The disciplined child

Generally speaking, I am against attributing crimes to demonic possession. I find this practice is too “liberal” (in our postmodern sense of leftwing): it distracts from the criminal’s personal responsibility. We see this in most journalistic accounts of major pathological crimes. To mention “demons” or “devils” or “Satan” is unfashionable, so instead the term “evil” is used without qualification. It is an expression of panic, among those who were never taught that evil progresses in subtle grades, and must be qualified by definitions. Or who don’t know that evil begins in the whining of the unrestrained child.

Among people with no training in exorcism, there is the tendency to over-simplify. The mechanism by which the criminal embraces radical evil may seem simple in its result — a murder is just a murder, after all — but the personal “journey of self-discovery” on the part of the murderer is different in each case. True, he has, in the end, expressed his allegiance to Satan. But like the murder itself, this is just an end point. Along the way, he has toured many other motives, including some for which he might expect to be praised, as the modern parent will praise an errant child. In reading the manifestos of mass killers, for instance, a naïve idealism will often be encountered. (The relation between naivety and madness is a topic someone should explore.)

The greatest crime writers (Dostoevsky comes to mind) trace the development of a criminal mind from invariably glib, rather childish origins. Often he (the criminal) is looking for something as “innocent” as a shortcut to some goods he wants. By small increments, or by accidents in the course of trying to commit a “relatively harmless” robbery, things get out of hand.

I don’t think the average housebreaker, carrying a sawn-off shotgun, has the slightest intention to use it. His chance, unexpected meeting with the homeowner becomes his excuse to the court, for performing the murder; or to God (as suicide is self-murder), for himself getting “blown away.” Those with experience interviewing criminals, including injured ones, often note their use of the passive voice. (“There was a gun. It went off.”)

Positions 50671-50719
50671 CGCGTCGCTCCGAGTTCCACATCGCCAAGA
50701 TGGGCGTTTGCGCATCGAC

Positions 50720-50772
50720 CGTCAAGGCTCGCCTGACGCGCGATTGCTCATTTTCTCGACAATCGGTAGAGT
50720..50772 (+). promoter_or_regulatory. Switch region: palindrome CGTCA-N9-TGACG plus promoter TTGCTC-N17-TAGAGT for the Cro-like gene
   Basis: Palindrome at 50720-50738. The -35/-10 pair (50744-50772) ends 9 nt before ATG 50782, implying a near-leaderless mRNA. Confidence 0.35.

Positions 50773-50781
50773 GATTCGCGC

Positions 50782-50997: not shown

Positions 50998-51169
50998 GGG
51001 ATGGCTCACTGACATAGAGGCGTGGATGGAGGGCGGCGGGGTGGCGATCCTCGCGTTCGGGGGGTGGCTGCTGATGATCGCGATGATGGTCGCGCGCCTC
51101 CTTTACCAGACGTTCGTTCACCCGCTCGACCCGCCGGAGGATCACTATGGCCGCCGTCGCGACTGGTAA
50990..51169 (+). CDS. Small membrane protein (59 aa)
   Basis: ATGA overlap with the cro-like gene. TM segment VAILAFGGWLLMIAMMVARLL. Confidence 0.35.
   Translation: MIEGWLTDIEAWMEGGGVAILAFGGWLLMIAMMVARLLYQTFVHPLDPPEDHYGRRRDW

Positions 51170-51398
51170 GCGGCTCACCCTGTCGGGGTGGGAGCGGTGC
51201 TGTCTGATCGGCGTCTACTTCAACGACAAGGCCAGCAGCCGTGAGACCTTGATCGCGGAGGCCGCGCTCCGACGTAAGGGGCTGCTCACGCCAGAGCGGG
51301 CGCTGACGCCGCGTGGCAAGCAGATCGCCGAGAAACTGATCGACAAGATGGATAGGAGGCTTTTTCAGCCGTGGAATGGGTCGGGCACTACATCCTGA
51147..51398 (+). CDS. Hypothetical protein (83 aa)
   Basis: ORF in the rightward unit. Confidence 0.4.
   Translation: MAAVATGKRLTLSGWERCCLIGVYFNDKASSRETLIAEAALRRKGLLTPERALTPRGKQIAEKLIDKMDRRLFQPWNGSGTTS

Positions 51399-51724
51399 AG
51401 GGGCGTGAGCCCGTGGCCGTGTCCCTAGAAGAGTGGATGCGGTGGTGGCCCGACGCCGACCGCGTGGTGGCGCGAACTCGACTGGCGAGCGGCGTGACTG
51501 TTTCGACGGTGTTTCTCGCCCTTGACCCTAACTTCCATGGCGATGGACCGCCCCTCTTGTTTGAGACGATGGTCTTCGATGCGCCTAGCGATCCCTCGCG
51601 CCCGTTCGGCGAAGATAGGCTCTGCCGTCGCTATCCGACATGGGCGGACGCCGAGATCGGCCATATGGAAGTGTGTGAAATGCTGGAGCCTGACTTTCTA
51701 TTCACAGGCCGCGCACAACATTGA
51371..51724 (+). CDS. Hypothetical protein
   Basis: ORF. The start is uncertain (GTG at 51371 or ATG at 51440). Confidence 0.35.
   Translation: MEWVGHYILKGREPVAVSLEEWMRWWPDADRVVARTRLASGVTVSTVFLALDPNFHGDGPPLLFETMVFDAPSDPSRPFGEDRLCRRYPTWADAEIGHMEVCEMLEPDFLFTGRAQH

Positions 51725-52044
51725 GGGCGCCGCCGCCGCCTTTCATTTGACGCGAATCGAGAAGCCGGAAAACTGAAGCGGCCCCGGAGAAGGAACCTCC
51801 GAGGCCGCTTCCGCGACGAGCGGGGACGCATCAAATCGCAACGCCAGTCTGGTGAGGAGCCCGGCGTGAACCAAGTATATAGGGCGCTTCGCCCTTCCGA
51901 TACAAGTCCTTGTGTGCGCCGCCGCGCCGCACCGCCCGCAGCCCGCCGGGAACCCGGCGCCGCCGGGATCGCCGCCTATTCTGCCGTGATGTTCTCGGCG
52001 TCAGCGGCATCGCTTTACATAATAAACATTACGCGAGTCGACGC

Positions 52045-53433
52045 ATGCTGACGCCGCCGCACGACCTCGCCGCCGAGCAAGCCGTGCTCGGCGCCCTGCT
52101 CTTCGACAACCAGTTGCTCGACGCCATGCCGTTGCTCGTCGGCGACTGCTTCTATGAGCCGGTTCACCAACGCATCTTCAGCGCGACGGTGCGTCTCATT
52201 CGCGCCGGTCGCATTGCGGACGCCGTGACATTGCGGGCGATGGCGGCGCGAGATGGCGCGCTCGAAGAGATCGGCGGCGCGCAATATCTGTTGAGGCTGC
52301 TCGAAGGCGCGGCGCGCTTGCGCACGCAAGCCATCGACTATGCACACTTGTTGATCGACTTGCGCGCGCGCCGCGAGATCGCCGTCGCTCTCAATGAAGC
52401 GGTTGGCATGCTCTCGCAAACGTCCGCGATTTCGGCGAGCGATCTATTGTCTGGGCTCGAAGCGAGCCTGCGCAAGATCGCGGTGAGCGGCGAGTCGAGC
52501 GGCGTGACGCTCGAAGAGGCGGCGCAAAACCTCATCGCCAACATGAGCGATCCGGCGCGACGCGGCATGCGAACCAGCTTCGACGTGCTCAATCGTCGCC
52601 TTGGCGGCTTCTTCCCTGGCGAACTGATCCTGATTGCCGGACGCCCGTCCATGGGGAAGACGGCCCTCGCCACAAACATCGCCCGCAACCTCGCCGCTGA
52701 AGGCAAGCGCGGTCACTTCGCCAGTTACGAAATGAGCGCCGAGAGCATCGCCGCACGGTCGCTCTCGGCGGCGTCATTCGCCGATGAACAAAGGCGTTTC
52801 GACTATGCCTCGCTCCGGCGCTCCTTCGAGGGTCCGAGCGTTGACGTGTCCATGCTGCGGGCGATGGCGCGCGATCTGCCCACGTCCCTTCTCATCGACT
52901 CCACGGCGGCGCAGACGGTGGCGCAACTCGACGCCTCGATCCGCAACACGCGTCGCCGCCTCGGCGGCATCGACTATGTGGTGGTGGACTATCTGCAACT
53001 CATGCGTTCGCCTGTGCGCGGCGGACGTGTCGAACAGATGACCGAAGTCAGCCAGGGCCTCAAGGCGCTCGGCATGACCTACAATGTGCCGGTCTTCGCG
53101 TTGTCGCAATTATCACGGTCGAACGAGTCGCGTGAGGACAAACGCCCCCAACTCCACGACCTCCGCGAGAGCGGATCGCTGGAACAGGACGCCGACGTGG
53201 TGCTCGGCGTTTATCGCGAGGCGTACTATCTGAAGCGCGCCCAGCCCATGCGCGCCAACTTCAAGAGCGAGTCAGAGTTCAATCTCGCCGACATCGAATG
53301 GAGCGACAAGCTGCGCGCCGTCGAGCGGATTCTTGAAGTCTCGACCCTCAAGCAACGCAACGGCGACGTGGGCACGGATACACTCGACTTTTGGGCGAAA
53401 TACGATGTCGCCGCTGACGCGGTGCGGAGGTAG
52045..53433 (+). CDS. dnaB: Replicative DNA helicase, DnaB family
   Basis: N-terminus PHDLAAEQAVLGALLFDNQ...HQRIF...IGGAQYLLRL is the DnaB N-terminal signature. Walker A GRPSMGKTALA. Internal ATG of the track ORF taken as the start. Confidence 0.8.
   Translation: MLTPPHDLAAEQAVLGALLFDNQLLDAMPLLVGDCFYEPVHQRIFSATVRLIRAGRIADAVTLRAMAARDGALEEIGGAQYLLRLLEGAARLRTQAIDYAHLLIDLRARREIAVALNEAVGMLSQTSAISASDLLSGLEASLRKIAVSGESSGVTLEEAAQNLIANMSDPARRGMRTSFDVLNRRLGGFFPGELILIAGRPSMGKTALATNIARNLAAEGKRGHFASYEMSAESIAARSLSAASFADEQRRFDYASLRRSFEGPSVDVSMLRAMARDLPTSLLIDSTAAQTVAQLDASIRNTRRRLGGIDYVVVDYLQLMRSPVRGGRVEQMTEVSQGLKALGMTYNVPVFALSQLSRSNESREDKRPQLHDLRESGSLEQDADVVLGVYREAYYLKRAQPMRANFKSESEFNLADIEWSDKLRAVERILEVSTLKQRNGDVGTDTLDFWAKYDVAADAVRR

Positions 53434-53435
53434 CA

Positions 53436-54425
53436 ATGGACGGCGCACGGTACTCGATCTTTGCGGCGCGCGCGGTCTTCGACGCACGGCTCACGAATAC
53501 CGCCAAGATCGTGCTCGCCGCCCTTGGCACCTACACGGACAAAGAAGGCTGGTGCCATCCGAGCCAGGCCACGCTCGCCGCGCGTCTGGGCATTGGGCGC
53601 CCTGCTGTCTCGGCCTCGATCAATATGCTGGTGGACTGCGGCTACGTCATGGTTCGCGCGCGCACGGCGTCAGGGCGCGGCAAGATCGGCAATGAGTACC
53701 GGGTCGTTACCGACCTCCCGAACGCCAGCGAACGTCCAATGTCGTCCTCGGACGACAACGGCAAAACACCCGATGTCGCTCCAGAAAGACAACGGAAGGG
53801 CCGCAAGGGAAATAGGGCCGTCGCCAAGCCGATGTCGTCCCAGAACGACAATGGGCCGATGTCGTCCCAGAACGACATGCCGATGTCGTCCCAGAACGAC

But this does not apply to such a wilful crime as, say, the massacre of children in a school; almost invariably ending in the suicide, or as it were, “constructive suicide,” of the perpetrator. There is unambiguous intention to do evil. Planning was involved. Likewise, behind every case of Islamic terrorism are practical considerations. The “pure theory” of avenging some historical injustice doesn’t get you very far.

My point in this little Idlepost is to call attention not to terror crimes, but to the more modest criminality of the liberal mind, resembling that of the housebreaker. He only intends to “push the envelope” a little way, towards his unexamined utopia. He makes demands for goods, in the form of taxation, of those who are “rich” from what they have somehow earned. (To the criminal mind, this “earning” must always be illegitimate.)

There are people who have volunteered to pay, without pressure, and there is nothing wrong with such conventional taxation, to fund various forms of community defence. Nor do I oppose people beggaring themselves, on ludicrous schemes, with their own money. But the liberal cannot be satisfied with this; he anyway needs more for his generous redistributions, or batty, counter-economic projects. Even those opposed to them must be forced to pay. He graduates from a collector of charity or taxes to the equivalent of a weaponized thief. This may remain peaceful for a while, but eventually the homeowners resist. Only then might violence suddenly occur. It comes as a surprise; especially to the criminal.

It is the misfortune of our society to have forgotten that the whining child must be resisted from the start; prevented, until it becomes a habit, from doing things that are wrong — when self-discipline can take over. We must restore that clarity of will, that prevents nature’s liberals (a class that includes all babies) from growing into criminals.

The Batflu we still have with us; and I doubt that this postmodern liberalism can be easily expunged. But we must at least try to eliminate it, permanently.